U.S. Pat. No. 4,828,556 discloses multilayer breathable film consisting of a polyvinyl alcohol monolithic layer between two microporous non-woven web layers.

U.S. Pat. No. 4,863,788 discloses a multilayer film consisting of a microporous membrane having on one side a continuous film protective layer and on another side a cellular foam adhesive layer and a fabric substrate.

U.S. Pat. No. 4,758,239 discloses a multilayer breathable film consisting of a water-soluble polymeric layer having on one side a microporous sheet.

SUMMARY OF THE INVENTION

It is accordingly an object of the present invention to provide new and improved multi-layer films.

It is a further object of this invention to provide novel multi-layer films, which preferably are characterized by having improved moisture vapor transmission rates (MVTR).

These and other objects and advantages of the present invention will be apparent to those skilled in the art from the following detailed description and claims.

In accordance with the present invention, it has been found that the above and still further objects are achieved by providing, in a first embodiment, a multilayer film comprising:

(a) a first layer comprising from about 70 to 100 weight percent of at least one or more thermoplastic polymer(s) having a MVTR value of at least 300 g-μm/m2-hour, as determined in accordance with ASTM Test Method E-96D, and from 0 to about 30 weight percent filler, and

(b) a second layer comprising from about 20 to about 80 weight percent of at least one or more thermoplastic polymer(s) and from about 20 to about 80 weight percent filler and the second layer having in stretched form a MVTR value, according to ASTM E-96D, greater than the MVTR value, according to ASTM E-96D, of the at least one or more thermoplastic polymer(s) of the second layer,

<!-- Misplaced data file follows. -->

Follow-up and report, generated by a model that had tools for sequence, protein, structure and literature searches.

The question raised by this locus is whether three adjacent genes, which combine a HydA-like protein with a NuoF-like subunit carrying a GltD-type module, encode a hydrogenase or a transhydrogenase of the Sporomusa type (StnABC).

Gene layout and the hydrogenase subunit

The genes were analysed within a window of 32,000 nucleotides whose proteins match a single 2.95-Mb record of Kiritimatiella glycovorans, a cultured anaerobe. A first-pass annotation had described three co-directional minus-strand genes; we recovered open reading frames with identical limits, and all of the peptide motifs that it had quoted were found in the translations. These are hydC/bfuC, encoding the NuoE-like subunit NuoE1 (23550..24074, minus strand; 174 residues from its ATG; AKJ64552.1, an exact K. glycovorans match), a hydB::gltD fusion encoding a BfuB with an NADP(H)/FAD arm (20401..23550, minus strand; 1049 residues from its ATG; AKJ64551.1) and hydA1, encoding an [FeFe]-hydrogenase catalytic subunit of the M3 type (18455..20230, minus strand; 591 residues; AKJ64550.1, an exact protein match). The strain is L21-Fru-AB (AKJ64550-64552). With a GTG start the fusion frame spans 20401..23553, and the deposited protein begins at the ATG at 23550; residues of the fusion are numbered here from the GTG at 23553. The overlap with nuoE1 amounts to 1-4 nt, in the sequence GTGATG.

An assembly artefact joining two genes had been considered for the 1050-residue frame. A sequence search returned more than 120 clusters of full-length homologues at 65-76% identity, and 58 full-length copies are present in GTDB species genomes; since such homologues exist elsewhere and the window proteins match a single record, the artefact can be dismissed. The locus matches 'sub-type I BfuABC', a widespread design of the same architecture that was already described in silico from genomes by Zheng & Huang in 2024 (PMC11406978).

wherein the second layer comprises an amount of filler differing from the amount of filler in the first layer when the at least one or more thermoplastic polymer(s) of the first layer and the at least one or more thermoplastic polymer(s) of the second layer are the same, wherein the first layer is adjacent to the second layer, and wherein the multilayer film, in stretched form, has a MVTR value, according to ASTM E-96D, greater than the MVTR value, according to ASTM E-96D, of the at least one or more thermoplastic polymer(s) of the first layer.

In a second embodiment of the present invention, there is provided a multilayer film comprising:

(a) a first layer comprising

(i) from about 70 to 100 weight percent of at least one or more linear or branched or chain extended, random, aliphatic-aromatic copolyester(s) having a MVTR value of at least 300 g-μm/m2-hour or g-mil/m2-day, as determined in accordance with ASTM Test Method E-96D, and comprising repeating units of:

wherein

R1 is selected from one or more of the groups consisting of C2-C8 alkylene or oxylalkylene and the mole percent of R1 is from about 80 to 100;

R3 is selected from one or more of the groups consisting of C2-C8 alkylene or oxylalkylene; C2-C8 alkylene or oxylalkylene substituted with one to four substituents independently selected from the group consisting of halo, C6-C10 aryl, and C1-C4 alkoxy; C5-C12 cycloalkylene (for example, 1,4-cyclohexanedimethanol); C5-C12 cycloalkylene substituted with one to four substituents independently selected from the group consisting of halo, C6-C10 aryl, and C1-C4 alkoxy; and the mole percent of R3 is from 0 to about 20;

R2 is selected from one or more of the groups consisting of C2-C12 alkylene or oxyalkylene; C2-C12 alkylene or oxylalkylene substituted with one to four substituents independently selected from the group consisting of halo, C6-C10 aryl, and C1-C4 alkoxy; C5-C10 cycloalkylene; C5-C10 cycloalkylene substituted with one to four substituents independently selected from the group consisting of halo, C6-C10 aryl, and C1-C4 alkoxy; and the mole percent of R2 is from about 35 to about 95;

R4 is selected from one or more of the groups consisting of C6-C10 aryl; C6-C10 aryl substituted with one to four substituents independently selected from the group consisting of halo, C6-C10 aryl, and C1-C4 alkoxy; C5-C10 cycloalkylene; C5-C10 cycloalkylene substituted with one to four substituents independently selected from the group consisting of halo, C6-C10 aryl, and C1-C4 alkoxy; and the mole percent of R4 is from about 5 to about 65; and

(ii) from 0 to about 30 weight percent filler, and

(b) a second layer having in stretched form a MVTR value, according to ASTM E-96D, of at least about 500 g-μm/m2-hour or g-mil/m2-day, and comprising